After Germanwings Flight 9525, Can We Automate Planes?

Automation is on the rise in areas previously regarded as beyond the reach of machines.

Politicians and safety organizations are leaving no stone unturned as they investigate the tragic crash of Germanwings Flight 9525, but as mounting evidence suggests co-pilot Andreas Lubitz purposely dove the plane into a mountainside, usual talk of preventing such accidents in the future has fallen short. It seems there is a point past which problems cannot be solved.


A basic level of public trust is essential to conduct any action involving a community of people and Lubitz violated that trust in grotesque and horrifying fashion. Is it crass to speak of mechanical failsafes to public trust — namely, automating planes such that no human could torpedo them into the ground?

The Pentagon is already leading the way on autonomous-flying technology, equipping its F16s to take off, land, and perform mid-air maneuvers on their own. The purpose is to automate training runs for F16 pilots, but the technology could have obvious applications elsewhere.

The cockpit door that co-pilot Lubitz locked was intended to be one such failsafe, keeping out hijackers at the moment of mutiny. How could we suspect that a pilot, having gone through years of training, would use the lock to keep out his fellow pilot while he purposefully crashed the jet? That kind of suspicion seems deeply cynical.

Nonetheless, automation is on the rise in areas previously regarded as beyond the reach of machines. Programming techniques called "deep learning" already allow computers to grasp difficult subjects like tax law that once required a professional to understand (and now requires a TurboTax software download). Next up, according to Andrew McAfee of the MIT Sloan School of Management, are lawyers, writers, and psychiatrists:

"The median American worker doesn’t do manual labor anymore. The average American worker is not a ditch digger. But they’re also not doing incredibly high-end particle physics or data science. They are what you’d call the somewhat routine knowledge worker. That is right in the sweet spot of where technology is making its greatest inroads."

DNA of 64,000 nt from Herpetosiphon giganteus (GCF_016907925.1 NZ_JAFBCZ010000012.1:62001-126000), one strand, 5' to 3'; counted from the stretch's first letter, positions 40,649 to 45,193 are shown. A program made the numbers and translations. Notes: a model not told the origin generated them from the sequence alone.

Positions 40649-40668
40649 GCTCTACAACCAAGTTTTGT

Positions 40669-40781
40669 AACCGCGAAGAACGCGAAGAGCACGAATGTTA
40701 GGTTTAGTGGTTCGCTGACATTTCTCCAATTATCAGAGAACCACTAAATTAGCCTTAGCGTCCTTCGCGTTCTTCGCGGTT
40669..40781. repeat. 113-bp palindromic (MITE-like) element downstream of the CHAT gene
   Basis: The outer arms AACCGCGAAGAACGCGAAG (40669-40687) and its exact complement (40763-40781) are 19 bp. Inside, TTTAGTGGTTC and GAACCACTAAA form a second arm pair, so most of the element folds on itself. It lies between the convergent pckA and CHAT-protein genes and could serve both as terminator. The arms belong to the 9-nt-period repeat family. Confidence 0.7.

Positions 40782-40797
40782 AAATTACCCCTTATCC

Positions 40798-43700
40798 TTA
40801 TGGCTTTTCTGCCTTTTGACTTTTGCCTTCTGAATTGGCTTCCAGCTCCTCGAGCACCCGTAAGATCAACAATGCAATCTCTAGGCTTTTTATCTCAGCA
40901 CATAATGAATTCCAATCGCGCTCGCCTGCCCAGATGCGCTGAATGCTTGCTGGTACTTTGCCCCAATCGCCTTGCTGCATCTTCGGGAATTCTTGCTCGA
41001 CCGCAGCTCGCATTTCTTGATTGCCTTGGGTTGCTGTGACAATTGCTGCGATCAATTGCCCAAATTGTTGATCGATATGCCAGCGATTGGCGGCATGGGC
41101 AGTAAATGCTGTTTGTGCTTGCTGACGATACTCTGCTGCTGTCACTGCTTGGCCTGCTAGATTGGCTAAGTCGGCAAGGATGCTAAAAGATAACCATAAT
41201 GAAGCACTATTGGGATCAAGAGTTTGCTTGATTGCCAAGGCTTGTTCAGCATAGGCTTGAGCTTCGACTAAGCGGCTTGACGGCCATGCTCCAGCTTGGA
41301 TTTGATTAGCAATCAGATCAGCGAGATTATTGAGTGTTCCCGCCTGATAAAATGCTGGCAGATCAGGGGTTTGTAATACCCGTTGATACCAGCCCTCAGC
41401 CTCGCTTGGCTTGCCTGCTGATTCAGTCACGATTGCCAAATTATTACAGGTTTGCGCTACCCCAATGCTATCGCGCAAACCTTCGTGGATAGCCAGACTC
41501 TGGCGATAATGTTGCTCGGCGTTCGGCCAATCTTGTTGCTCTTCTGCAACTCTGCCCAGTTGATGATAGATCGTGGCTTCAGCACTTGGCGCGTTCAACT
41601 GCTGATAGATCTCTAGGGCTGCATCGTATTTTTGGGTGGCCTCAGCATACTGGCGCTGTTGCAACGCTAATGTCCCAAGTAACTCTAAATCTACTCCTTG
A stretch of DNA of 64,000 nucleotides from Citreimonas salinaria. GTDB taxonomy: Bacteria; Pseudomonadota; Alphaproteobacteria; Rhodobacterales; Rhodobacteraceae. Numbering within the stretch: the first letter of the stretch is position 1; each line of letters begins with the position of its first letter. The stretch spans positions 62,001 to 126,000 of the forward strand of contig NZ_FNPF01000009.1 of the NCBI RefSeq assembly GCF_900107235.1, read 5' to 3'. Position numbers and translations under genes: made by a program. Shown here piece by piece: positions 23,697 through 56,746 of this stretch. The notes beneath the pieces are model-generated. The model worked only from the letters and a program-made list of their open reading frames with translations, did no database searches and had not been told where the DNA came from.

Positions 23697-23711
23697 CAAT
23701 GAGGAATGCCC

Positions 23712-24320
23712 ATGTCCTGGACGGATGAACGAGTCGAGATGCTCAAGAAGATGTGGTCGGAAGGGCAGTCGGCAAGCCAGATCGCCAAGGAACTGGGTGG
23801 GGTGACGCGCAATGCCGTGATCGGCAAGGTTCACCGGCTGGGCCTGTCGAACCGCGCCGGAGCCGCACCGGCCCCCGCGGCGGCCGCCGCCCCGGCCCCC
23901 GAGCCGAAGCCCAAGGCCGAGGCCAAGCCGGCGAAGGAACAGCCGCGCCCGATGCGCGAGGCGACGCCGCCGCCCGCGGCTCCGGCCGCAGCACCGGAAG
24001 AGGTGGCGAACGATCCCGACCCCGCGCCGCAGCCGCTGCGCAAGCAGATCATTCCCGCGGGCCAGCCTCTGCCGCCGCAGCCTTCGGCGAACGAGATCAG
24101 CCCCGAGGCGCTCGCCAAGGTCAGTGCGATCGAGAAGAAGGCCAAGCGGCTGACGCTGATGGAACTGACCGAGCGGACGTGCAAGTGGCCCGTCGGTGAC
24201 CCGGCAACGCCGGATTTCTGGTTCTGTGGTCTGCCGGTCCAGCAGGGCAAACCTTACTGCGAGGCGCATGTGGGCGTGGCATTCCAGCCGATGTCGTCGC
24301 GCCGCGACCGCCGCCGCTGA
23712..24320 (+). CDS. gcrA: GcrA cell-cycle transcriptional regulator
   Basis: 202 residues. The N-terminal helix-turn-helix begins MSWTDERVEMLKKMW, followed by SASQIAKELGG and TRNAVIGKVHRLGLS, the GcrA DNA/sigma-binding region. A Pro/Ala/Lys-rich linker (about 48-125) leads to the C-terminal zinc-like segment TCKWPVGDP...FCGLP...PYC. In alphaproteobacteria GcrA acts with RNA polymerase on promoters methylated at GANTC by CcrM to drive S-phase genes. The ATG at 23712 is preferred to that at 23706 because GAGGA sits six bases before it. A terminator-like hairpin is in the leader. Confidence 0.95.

But are we prepared to take humans out of the equation entirely, fully trusting machines to drive our cars and drive us to and fro? If automation is motivated by a corrosion of trust in human capabilities, would such a transition be worth it?

Read more at The New Yorker.

How to vaccinate the world’s most vulnerable? Build global partnerships.

Pfizer's partnerships strengthen their ability to deliver vaccines in developing countries.

Susan Silbermann, Global President of Pfizer Vaccines, looks on as a health care worker administers a vaccine in Rwanda. Photo: Courtesy of Pfizer.
Sponsored
  • Community healthcare workers face many challenges in their work, including often traveling far distances to see their clients
  • Pfizer is helping to drive the UN's sustainable development goals through partnerships.
  • Pfizer partnered with AMP and the World Health Organization to develop a training program for healthcare workers.
Keep reading Show less

Why the White House Correspondents’ Association dinner won’t feature a comedian in 2019

It's the first time the association hasn't hired a comedian in 16 years.

(Photo by Anna Webber/Getty Images for Vulture Festival)
Culture & Religion
  • The 2018 WHCA ended in controversy after comedian Michelle Wolf made jokes some considered to be offensive.
  • The WHCA apologized for Wolf's jokes, though some journalists and many comedians backed the comedian and decried arguments in favor of limiting the types of speech permitted at the event.
  • Ron Chernow, who penned a bestselling biography of Alexander Hamilton, will speak at next year's dinner.
Keep reading Show less

Juice is terrible for children. Why do we keep giving it to them?

A glass of juice has as much sugar, ounce for ounce, as a full-calorie soda. And those vitamins do almost nothing.

Pixabay user Stocksnap
popular

Quick: think back to childhood (if you've reached the scary clown you've gone too far). What did your parents or guardians give you to keep you quiet? If you're anything like most parents, it was juice. But here's the thing: juice is bad for you. 

Keep reading Show less

A new study says alcohol changes how the brain creates memories

A study on flies may hold the key to future addiction treatments.

Scott Barbour/Getty Images
Mind & Brain
  • A new study suggests that drinking alcohol can affect how memories are stored away as good or bad.
  • This may have drastic implications for how addiction is caused and how people recall intoxication.
  • The findings may one day lead to a new form of treatment for those suffering from addiction.
Keep reading Show less